Whom Do We Trust?

How will a global pandemic, record unemployment, and a nationwide reckoning around systemic racism affect our trust in institutions?

Despite what many considered a watershed election year in 2016, trust in various American institutions has remained mostly steady for the past decade.

Using Gallup’s historical archives, we’ve analyzed Americans’ trust in institutions, including the medical system, Congress, the presidency and the police

Over the past ten years, trust has remained mostly stable for all four institutions, with police consistently trusted the most out of all four. It has been the only institution to receive a majority rating. Over the past 10 years, those who say they trust the police a great deal or quite a lot averages at 55%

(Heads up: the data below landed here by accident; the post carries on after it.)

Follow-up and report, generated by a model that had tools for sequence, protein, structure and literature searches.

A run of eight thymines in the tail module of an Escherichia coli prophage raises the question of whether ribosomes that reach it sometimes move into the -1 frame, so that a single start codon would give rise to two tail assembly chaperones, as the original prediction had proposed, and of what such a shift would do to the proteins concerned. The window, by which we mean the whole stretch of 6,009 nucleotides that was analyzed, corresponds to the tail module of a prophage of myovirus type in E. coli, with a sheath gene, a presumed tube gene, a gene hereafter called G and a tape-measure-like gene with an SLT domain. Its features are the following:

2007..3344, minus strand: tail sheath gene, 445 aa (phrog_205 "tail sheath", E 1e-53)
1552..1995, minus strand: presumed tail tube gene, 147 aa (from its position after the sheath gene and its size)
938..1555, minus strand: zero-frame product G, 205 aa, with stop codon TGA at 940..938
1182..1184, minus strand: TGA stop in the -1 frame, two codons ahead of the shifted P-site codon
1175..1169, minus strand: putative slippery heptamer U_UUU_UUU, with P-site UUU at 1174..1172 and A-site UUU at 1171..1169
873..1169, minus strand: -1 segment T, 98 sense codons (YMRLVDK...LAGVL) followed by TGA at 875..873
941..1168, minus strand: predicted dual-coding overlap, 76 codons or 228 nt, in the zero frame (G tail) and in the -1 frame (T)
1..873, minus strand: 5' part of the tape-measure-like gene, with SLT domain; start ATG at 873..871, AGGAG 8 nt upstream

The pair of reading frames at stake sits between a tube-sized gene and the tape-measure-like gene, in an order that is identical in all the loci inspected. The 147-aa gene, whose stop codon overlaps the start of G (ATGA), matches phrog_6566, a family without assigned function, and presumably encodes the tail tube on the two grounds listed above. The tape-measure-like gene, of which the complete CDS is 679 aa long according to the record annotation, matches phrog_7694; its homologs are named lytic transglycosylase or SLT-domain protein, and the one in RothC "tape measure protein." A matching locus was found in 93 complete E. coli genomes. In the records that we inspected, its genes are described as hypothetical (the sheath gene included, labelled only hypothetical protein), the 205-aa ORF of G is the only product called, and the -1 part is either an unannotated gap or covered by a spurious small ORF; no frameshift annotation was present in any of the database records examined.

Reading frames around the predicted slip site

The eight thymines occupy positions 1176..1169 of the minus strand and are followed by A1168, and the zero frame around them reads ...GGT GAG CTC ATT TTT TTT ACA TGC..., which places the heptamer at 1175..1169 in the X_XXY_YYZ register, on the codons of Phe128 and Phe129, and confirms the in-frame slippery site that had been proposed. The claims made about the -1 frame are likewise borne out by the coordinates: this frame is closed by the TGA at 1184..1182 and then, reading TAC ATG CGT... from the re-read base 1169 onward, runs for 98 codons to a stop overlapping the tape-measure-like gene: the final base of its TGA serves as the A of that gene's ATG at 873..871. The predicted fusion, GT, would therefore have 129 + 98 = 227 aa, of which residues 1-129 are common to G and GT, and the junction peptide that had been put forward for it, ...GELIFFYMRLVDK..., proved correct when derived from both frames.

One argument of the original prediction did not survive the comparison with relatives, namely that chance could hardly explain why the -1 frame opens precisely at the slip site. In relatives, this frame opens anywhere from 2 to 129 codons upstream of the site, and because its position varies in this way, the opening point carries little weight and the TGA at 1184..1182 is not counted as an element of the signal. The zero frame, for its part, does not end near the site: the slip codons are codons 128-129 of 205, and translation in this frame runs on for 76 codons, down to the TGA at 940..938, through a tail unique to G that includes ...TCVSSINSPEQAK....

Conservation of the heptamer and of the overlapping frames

But recent polling may indicate an erosion, with two-in-three saying protests of George Floyd’s killing were “a sign of broader problems in treatment of black Americans by police.”

On average over the past 10 years, about one-in-10 Americans say they trust Congress and a third say they trust the presidency.

Following the pandemic— and what many see as Congress and the administration’s insufficient efforts to address it— that trust could shift in 2020.